Zimbra hits 20 million paid mailboxes

Yahoo's open-source e-mail and calendar software is scoring even more paid mailboxes, but it faces an uphill climb to the enterprise.

Last I checked in June, Zimbra, Yahoo's open-source e-mail and calendar software, was at 11 million paid mailboxes . This was a healthy jump from 8 million paid mailboxes in May 2007 and the 4 million paid mailboxes TechCrunch reported back in October 2006.

Well, on Monday The VAR Guy reported there are 20 million paid mailboxes for Zimbra, a massive increase in roughly seven months. It's likely that a big chunk of these came from Zimbra's deal with Comcast. Still, that is amazing momentum.

I mentioned the other day that a significant customer uptake for Zimbra would be much more meaningful than IBM and Microsoft trading customers back and forth . Well, 20 million paid mailboxes spread over 30,000 customers is much more significant than IBM beating its chest over nabbing 5 million mailboxes from Microsoft.

Could Zimbra be the foundation for an enterprise challenge from Yahoo? I wouldn't rule it out.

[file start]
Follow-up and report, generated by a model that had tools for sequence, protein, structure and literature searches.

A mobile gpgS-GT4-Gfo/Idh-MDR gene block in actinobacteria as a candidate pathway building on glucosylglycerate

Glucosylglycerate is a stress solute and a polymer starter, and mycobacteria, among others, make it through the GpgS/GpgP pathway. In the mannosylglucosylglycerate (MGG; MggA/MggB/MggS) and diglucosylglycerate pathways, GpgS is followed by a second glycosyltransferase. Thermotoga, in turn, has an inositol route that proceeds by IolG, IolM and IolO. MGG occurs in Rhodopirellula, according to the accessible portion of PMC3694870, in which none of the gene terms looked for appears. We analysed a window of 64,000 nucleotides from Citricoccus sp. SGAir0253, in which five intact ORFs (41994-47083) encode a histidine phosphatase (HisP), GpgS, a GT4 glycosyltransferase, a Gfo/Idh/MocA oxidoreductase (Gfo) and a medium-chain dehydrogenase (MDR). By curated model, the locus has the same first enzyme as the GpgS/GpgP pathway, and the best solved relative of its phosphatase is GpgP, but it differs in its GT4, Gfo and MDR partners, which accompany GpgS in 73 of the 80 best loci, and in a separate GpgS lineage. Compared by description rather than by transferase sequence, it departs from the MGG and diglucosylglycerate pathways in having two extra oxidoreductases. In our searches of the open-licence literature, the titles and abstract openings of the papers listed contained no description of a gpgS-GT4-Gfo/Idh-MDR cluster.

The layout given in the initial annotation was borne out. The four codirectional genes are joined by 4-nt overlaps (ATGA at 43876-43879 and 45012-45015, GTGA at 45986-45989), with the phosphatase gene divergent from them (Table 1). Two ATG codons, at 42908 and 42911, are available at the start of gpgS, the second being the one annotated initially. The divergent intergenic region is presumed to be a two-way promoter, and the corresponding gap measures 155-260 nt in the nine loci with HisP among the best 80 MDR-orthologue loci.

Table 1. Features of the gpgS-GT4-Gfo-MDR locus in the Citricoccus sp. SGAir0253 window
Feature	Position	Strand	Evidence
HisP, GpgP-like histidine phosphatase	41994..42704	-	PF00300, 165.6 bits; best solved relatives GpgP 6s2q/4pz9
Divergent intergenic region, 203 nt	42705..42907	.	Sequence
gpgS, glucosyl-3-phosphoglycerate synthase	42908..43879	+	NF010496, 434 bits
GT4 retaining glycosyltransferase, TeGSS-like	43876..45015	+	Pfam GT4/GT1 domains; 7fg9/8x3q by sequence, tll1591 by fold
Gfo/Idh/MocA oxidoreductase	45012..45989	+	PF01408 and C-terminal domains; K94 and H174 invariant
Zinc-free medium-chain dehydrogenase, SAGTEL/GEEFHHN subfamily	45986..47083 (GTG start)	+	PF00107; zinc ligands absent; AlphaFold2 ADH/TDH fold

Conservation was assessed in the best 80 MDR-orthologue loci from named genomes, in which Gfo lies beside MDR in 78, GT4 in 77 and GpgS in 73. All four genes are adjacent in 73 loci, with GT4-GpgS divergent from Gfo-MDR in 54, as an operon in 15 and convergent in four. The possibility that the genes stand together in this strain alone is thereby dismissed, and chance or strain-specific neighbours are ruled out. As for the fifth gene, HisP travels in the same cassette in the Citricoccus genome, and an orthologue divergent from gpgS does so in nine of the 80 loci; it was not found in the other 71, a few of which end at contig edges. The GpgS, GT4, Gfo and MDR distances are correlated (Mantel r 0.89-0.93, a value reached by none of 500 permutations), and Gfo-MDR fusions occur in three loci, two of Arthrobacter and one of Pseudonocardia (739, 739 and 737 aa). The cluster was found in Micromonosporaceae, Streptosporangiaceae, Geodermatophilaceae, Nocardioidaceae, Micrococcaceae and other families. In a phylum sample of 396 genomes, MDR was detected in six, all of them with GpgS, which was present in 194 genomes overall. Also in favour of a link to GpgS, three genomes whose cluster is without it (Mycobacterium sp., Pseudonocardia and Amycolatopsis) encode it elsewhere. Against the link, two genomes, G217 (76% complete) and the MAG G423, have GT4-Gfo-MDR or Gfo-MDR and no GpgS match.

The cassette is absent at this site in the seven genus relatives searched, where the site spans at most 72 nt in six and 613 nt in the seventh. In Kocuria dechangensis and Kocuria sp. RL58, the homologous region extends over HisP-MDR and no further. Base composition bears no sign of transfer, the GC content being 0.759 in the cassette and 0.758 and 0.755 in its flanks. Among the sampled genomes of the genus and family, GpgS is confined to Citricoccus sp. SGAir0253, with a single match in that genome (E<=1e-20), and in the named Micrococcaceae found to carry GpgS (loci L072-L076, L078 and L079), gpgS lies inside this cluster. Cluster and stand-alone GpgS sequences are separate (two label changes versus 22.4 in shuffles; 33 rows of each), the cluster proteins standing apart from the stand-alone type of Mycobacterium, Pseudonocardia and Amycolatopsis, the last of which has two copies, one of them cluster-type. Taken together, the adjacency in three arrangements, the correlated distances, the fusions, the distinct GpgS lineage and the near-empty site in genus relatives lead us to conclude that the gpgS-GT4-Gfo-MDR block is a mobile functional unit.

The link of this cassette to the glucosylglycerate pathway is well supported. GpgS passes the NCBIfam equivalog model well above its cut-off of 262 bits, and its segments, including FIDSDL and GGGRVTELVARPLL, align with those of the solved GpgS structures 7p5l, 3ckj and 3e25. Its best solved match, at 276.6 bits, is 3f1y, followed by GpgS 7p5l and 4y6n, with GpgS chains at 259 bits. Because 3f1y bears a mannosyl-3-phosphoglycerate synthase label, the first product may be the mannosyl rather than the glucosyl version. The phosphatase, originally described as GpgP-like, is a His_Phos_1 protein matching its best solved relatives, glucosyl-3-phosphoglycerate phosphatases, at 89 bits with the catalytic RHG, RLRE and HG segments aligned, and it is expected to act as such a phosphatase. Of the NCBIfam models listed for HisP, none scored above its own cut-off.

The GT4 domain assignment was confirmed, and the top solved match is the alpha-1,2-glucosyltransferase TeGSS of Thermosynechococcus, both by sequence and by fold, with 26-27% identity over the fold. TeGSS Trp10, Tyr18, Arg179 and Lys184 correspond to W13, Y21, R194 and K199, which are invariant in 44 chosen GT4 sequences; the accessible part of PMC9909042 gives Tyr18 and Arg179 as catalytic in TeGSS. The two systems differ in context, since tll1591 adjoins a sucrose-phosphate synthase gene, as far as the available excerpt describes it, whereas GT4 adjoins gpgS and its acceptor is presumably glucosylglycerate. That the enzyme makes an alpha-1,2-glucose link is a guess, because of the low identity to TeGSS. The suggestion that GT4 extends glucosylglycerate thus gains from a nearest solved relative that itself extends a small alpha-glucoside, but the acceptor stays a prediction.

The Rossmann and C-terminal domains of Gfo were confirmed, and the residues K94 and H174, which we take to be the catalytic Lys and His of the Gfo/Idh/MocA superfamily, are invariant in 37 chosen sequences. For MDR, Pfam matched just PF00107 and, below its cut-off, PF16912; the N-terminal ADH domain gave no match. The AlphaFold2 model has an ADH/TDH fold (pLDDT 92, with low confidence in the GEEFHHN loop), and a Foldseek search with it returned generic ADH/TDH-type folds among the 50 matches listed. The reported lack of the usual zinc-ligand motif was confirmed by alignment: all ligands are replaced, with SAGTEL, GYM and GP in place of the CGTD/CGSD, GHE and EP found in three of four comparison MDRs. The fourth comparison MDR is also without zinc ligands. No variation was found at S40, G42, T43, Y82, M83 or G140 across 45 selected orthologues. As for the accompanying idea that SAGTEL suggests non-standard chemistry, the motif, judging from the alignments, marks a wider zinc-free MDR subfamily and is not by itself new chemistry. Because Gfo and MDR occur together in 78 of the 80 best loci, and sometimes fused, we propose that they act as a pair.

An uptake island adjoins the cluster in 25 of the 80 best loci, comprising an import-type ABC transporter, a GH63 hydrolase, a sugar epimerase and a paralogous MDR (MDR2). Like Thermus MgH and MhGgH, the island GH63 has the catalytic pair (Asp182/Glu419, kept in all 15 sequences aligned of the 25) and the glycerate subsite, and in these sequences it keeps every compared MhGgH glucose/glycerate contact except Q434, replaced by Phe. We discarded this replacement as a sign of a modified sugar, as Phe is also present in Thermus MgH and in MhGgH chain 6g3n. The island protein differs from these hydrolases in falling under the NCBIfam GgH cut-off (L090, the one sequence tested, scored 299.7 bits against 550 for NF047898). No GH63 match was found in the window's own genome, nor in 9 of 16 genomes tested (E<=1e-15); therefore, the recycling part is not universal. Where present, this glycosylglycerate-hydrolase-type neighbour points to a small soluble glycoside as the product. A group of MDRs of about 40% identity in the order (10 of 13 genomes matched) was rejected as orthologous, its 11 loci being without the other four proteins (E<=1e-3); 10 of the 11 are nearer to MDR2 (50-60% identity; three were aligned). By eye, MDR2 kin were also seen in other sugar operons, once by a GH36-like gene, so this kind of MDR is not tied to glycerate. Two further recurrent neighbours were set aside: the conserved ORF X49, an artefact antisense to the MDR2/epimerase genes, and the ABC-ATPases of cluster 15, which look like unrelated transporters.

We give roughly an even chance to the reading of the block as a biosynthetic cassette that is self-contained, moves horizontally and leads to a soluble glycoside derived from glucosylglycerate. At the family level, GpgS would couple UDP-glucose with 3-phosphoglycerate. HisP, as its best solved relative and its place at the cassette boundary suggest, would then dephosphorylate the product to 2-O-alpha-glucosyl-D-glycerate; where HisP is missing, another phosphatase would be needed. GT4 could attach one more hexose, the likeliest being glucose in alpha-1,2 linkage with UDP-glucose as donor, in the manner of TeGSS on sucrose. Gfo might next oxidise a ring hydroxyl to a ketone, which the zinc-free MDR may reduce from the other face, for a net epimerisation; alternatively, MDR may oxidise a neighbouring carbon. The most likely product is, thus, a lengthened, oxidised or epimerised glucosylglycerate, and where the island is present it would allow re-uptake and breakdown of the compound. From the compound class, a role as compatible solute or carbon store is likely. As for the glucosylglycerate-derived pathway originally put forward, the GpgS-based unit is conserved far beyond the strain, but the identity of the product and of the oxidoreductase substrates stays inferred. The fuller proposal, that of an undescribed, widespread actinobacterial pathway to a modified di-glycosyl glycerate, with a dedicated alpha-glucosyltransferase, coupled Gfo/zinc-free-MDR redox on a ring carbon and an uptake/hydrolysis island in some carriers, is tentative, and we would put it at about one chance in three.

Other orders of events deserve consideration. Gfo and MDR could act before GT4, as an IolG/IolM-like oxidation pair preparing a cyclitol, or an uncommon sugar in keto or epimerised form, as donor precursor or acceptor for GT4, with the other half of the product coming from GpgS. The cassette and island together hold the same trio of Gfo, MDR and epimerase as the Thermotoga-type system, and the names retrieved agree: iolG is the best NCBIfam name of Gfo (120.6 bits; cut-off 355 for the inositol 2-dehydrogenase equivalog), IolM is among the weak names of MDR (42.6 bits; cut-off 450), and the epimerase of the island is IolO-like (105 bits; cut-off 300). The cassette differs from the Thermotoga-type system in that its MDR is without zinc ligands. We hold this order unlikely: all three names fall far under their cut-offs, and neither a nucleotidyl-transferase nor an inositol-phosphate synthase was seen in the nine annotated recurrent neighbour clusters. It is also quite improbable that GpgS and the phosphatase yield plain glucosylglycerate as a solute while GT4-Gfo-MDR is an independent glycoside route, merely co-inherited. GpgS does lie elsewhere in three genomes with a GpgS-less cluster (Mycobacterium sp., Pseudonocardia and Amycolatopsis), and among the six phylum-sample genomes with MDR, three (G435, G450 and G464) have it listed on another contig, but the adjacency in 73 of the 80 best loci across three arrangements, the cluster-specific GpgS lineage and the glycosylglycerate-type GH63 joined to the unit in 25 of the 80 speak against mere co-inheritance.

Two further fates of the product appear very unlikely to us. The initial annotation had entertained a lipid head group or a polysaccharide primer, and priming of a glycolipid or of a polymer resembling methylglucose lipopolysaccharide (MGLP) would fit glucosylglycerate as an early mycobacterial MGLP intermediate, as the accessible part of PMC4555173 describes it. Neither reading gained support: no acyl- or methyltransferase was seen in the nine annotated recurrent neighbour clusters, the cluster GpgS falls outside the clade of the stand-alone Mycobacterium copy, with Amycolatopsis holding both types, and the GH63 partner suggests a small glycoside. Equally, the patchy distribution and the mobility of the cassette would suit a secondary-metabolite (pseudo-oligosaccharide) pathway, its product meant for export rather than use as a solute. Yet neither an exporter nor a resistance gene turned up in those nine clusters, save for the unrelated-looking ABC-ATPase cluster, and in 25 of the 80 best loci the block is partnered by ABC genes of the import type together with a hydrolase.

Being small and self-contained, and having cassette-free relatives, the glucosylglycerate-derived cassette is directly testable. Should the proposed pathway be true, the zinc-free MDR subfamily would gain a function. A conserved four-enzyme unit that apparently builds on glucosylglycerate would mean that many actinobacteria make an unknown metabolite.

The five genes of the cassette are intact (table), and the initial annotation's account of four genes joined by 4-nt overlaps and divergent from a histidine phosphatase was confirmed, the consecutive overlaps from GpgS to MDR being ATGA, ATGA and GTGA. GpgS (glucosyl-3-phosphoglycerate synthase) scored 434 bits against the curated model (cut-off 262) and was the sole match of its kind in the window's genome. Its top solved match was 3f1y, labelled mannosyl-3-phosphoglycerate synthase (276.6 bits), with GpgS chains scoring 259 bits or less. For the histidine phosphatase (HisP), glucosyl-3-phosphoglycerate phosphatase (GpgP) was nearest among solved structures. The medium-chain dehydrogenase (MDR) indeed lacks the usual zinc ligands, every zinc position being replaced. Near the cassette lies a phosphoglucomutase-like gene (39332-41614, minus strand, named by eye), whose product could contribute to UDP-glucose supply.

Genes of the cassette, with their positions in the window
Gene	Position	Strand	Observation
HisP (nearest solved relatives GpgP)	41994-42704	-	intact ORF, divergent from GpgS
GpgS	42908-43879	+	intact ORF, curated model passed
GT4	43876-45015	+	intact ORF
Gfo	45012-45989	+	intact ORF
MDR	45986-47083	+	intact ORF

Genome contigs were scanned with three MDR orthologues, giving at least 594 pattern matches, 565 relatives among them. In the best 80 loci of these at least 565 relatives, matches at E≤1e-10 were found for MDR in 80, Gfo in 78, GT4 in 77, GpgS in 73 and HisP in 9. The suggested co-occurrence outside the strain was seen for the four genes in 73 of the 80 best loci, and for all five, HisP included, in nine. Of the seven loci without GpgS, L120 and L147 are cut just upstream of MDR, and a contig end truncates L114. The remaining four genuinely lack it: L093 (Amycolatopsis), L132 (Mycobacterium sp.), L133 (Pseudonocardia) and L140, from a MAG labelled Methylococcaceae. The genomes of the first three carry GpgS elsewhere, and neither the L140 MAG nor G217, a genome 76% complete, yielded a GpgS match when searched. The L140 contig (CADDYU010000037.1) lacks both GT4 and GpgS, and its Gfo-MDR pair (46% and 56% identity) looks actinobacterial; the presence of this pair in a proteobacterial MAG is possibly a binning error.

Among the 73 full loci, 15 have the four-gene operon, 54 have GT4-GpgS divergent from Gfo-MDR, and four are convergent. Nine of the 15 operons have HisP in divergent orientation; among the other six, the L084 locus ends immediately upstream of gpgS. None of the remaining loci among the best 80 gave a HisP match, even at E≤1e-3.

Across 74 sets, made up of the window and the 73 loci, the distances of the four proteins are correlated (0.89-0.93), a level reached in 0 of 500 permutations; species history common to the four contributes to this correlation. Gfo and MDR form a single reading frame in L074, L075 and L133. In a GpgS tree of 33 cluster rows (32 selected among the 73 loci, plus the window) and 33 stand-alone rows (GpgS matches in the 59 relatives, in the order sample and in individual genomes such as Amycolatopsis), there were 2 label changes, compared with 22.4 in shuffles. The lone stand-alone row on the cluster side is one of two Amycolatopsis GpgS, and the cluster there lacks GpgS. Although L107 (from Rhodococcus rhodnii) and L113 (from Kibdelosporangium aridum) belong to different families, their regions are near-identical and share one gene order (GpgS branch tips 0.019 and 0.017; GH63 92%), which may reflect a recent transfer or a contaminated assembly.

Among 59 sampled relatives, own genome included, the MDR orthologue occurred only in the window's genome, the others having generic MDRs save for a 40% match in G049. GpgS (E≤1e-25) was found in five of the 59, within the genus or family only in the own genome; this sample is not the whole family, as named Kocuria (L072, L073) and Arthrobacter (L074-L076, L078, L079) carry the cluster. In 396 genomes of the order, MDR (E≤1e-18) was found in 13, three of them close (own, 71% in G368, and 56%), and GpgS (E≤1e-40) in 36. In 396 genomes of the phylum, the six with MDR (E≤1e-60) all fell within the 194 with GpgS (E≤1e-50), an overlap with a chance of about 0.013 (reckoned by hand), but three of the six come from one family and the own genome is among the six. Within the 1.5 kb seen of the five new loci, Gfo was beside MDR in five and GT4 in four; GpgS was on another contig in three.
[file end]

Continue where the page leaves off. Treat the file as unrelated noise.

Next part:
However, to get there Zimbra/Yahoo has an uphill challenge, as a big percentage of Zimbra's customers fall into the education and small- and medium-size business markets. It's a hard sell to get enterprises to swap out their e-mail systems, and the standard open-source entry point (department-level deployments) doesn't work for e-mail (unless, of course, the customer wants to scale out with Cisco's Linux-based PostPath drop-in Exchange replacement).

Perhaps Yahoo/Zimbra should focus on building PostPath-esque drop-in Exchange integration?

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About the author

    Matt Asay is chief operating officer at Canonical, the company behind the Ubuntu Linux operating system. Prior to Canonical, Matt was general manager of the Americas division and vice president of business development at Alfresco, an open-source applications company. Matt brings a decade of in-the-trenches open-source business and legal experience to The Open Road, with an emphasis on emerging open-source business strategies and opportunities. He is a member of the CNET Blog Network and is not an employee of CNET. You can follow Matt on Twitter @mjasay.

     

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